Anticipatory Set:  Discuss what the students already know about the Battle of Gettysburg.  The first slide of the PowerPoint also serves this purpose. 

Do Now Activity:  The students will take notes on the lesson and discuss the visuals with the instructor.

Procedures:  The students will take notes on a PowerPoint presentation from the instructor.   For each day of the Battle of Gettysburg, the instructor will explain the battle with the maps provided.  The students will then draw their own maps for each day, including relevant physical features, but will change one troop movement.  They will then write a paragraph or two describing their changes and predicting the effect that this change would have on the battle outcome as a whole.

Assessment:  The maps and paragraphs the students create will serve as assessments when complete.  The student must demonstrate knowledge of the battle by showing an ability to manipulate the results in a realistic way.

Extension: The students will read the Gettysburg Address and discuss the meaning of the speech, both then and in our own times.  The extra question provided with the copy of the Gettysburg Address can be used as a writing prompt and will add a fourth day to the total unit.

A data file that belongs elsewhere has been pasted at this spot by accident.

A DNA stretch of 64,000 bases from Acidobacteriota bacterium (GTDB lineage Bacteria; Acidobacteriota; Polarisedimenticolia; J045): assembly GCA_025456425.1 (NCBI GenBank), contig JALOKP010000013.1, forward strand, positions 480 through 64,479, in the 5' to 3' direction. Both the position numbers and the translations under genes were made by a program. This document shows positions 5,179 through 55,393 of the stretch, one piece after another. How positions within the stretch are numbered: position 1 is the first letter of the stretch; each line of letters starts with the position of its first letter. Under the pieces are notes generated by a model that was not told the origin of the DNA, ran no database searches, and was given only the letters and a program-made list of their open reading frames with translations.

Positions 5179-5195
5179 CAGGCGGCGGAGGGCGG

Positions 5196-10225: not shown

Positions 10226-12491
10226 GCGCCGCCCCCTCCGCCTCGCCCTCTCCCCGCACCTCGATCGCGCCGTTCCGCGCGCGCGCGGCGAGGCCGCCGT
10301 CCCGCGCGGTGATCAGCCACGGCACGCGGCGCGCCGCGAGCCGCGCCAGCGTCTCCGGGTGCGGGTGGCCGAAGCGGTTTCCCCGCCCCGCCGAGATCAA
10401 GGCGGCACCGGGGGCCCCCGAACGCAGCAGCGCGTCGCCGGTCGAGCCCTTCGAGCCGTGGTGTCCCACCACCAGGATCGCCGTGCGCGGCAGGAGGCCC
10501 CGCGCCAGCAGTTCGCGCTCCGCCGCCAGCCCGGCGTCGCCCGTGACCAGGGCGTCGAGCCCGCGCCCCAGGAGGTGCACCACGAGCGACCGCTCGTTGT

Address Delivered at the Dedication of the Cemetery at Gettysburg
Abraham Lincoln
November 19, 1863

Four score and seven years ago our fathers brought forth on this continent, a new nation, conceived in Liberty, and dedicated to the proposition that all men are created equal.

Now we are engaged in a great civil war, testing whether that nation, or any nation so conceived and dedicated, can long endure. We are met on a great battle-field of that war. We have come to dedicate a portion of that field, as a final resting place for those who here gave their lives that that nation might live. It is altogether fitting and proper that we should do this.

But, in a larger sense, we can not dedicate -- we can not consecrate -- we can not hallow -- this ground. The brave men, living and dead, who struggled here, have consecrated it, far above our poor power to add or detract. The world will little note, nor long remember what we say here, but it can never forget what they did here. It is for us the living, rather, to be dedicated here to the unfinished work which they who fought here have thus far so nobly advanced. It is rather for us to be here dedicated to the great task remaining before us -- that from these honored dead we take increased devotion to that cause for which they gave the last full measure of devotion -- that we here highly resolve that these dead shall not have died in vain -- that this nation, under God, shall have a new birth of freedom -- and that government of the people, by the people, for the people, shall not perish from the earth.


 Rewrite the paragraph in your words, putting modern language to the message that President Lincoln wanted to convey.